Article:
Sunday, July 09, 2006

Hold the Front Page

A particular pet hate amongst readers and execs is when they receive a script that has a photograph or image on the front cover. The title of the script and who it’s by will be underneath or amongst a picture that relates to the tone or the content of the script. Presumably, the writer (or possibly producer/director) thinks that this is an important inclusion on the front cover; a helpful image to ease the reader into the style and mood of the story. Here’s a tip: don’t do it.

You’d think that all the regular screenwriting advice would have rubbed off by now. Y’know, the basics: format, typos, short paragraphs and never put an image on your front cover. And yet scripts stream in with some or all of the typical bugbears being dutifully adhered to.

Personally, I’m not too bothered by a small misuse of format or typos or whatever, and even a front image on the cover won’t put me off too much. It’s difficult to say why an image on the cover gets people’s hackles up so much. Maybe it’s because they feel the script is trying to persuade them about mood and imagery when they’d like to make up their own mind. The one thing that is for certain is that readers and execs don’t like it, and will immediately jump on your script with a savage distaste just because of an opening image on the title page.

The credo is this: “Scripts with images on their title page are indicative of a poorly written screenplay”. And you know, by and large, this is true. This is why readers sigh with disappointment when they pick up a script that’s got a fictional photo of a rock star and the script is called: “Pop Stars R Us”. They just know the script is going to suck ass.

Because the credo is generally accurate, there must be some psychological link between poor writing and putting an image on the front cover. It suggests that the writer (usually an amateur) isn’t fully convinced of his material and wants to plonk a “striking” photo on the front to impress the reader before he’s picked up the script. Or maybe the writer is so sure of his work that he feels it necessary to heighten the flavour of the piece by showing you a glimpse of the wonderful imagery that’s in store. It really is hard to guess.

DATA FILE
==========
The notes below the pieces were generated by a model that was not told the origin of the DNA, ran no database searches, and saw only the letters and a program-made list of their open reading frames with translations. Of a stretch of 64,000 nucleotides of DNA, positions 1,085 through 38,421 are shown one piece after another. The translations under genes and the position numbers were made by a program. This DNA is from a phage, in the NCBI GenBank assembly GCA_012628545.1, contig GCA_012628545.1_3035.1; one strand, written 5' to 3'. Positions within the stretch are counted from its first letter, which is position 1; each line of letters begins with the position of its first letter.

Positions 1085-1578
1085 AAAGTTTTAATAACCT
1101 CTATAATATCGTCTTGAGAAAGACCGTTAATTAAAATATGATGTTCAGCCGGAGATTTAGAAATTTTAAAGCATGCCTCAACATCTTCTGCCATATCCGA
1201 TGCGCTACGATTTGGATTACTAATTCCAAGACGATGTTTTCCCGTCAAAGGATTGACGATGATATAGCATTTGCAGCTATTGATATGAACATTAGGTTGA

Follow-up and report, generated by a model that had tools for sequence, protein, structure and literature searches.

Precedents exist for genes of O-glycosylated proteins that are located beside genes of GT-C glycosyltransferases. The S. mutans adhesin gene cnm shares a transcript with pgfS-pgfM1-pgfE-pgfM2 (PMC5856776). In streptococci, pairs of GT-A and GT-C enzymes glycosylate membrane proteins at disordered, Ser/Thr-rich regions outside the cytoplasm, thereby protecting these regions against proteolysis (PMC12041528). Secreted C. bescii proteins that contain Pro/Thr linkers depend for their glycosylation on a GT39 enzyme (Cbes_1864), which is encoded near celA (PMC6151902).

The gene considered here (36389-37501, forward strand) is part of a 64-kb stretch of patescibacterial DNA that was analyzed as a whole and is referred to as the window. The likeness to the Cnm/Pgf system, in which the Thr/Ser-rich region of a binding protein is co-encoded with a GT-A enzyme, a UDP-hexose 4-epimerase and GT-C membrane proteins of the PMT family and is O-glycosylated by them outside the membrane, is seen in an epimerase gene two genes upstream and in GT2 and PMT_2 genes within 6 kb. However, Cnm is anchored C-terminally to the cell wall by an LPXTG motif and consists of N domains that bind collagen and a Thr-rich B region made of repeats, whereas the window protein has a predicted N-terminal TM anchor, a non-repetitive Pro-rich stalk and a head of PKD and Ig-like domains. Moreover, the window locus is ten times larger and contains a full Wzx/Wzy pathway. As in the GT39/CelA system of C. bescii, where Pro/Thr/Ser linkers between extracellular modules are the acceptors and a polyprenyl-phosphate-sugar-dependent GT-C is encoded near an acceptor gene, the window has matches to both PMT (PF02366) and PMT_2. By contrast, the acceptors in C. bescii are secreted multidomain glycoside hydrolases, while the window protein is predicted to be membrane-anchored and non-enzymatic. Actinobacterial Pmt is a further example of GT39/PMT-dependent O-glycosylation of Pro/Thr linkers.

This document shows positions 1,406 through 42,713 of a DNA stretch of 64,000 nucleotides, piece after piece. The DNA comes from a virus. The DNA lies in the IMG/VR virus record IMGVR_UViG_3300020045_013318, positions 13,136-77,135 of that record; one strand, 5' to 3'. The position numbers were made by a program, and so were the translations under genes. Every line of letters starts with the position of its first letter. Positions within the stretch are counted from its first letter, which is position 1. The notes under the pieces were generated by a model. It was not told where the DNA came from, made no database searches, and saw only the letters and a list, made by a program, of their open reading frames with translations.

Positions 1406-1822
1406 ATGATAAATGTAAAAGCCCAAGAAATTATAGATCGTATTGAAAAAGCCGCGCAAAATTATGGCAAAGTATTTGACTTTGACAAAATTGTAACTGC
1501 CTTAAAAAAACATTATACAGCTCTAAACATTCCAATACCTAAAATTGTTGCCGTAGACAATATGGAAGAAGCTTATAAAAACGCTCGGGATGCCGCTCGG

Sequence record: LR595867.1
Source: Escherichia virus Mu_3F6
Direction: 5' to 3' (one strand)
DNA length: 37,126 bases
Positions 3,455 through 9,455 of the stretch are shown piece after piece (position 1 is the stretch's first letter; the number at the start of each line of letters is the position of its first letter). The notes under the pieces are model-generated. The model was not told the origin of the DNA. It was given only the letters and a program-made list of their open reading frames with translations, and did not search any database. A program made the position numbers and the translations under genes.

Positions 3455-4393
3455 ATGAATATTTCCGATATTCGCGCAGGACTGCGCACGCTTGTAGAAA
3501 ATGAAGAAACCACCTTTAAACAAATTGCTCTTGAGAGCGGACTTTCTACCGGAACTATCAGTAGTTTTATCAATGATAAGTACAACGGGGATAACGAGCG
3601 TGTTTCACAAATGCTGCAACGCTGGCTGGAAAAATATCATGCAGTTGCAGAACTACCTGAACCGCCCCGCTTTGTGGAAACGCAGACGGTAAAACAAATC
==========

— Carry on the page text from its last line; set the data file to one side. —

I have read scripts from a few professional writers that have had images on the front cover but I think the producer or director may be to blame here because the professional scribes deliver a more satisfying story. 90% of scripts with pictures/photos or drawings on their front cover usually indicate that the writer is trying too hard, or has an ego beyond belief, and the script will usually go on to tell a story that will fail to impress.

So, second thoughts all round about putting an image on the front cover. It’s tempting I know but unless you’re absolutely sure that your script is singing on every level, it’s best left avoided. Why not put those images and cool drawings into a separate document and submit that, along with the script, instead? The reader won’t be given the visual stuff to assess, just the script, while the exec gets the benefit of the writer’s “vision” without thinking that he’s a foolish amateur.

*** UPDATE ***
Another general no-no, although not as bad, is putting a clever tag line under the script's title. This isn't advisable because while the tag line can be clever, smart, amusing and intriging, the rest of the screenplay will usually fail to live up to its billing. So one strap line on the front cover becomes the most effective piece of writing in a 120 page screenplay. It can be cute and clever to have a tag line there, lots of people do it, but leave it to the marketing people, or better still, use it in your one page outline/pitching document which has room for that kind of stuff.


Stephen Gallagher said...

When I was starting out (brief pause for my daughter to make her usual Age of the Dinosaurs joke here) I used to blag Letraset from the Granada graphics department to give my title pages a more professional impact on the reader.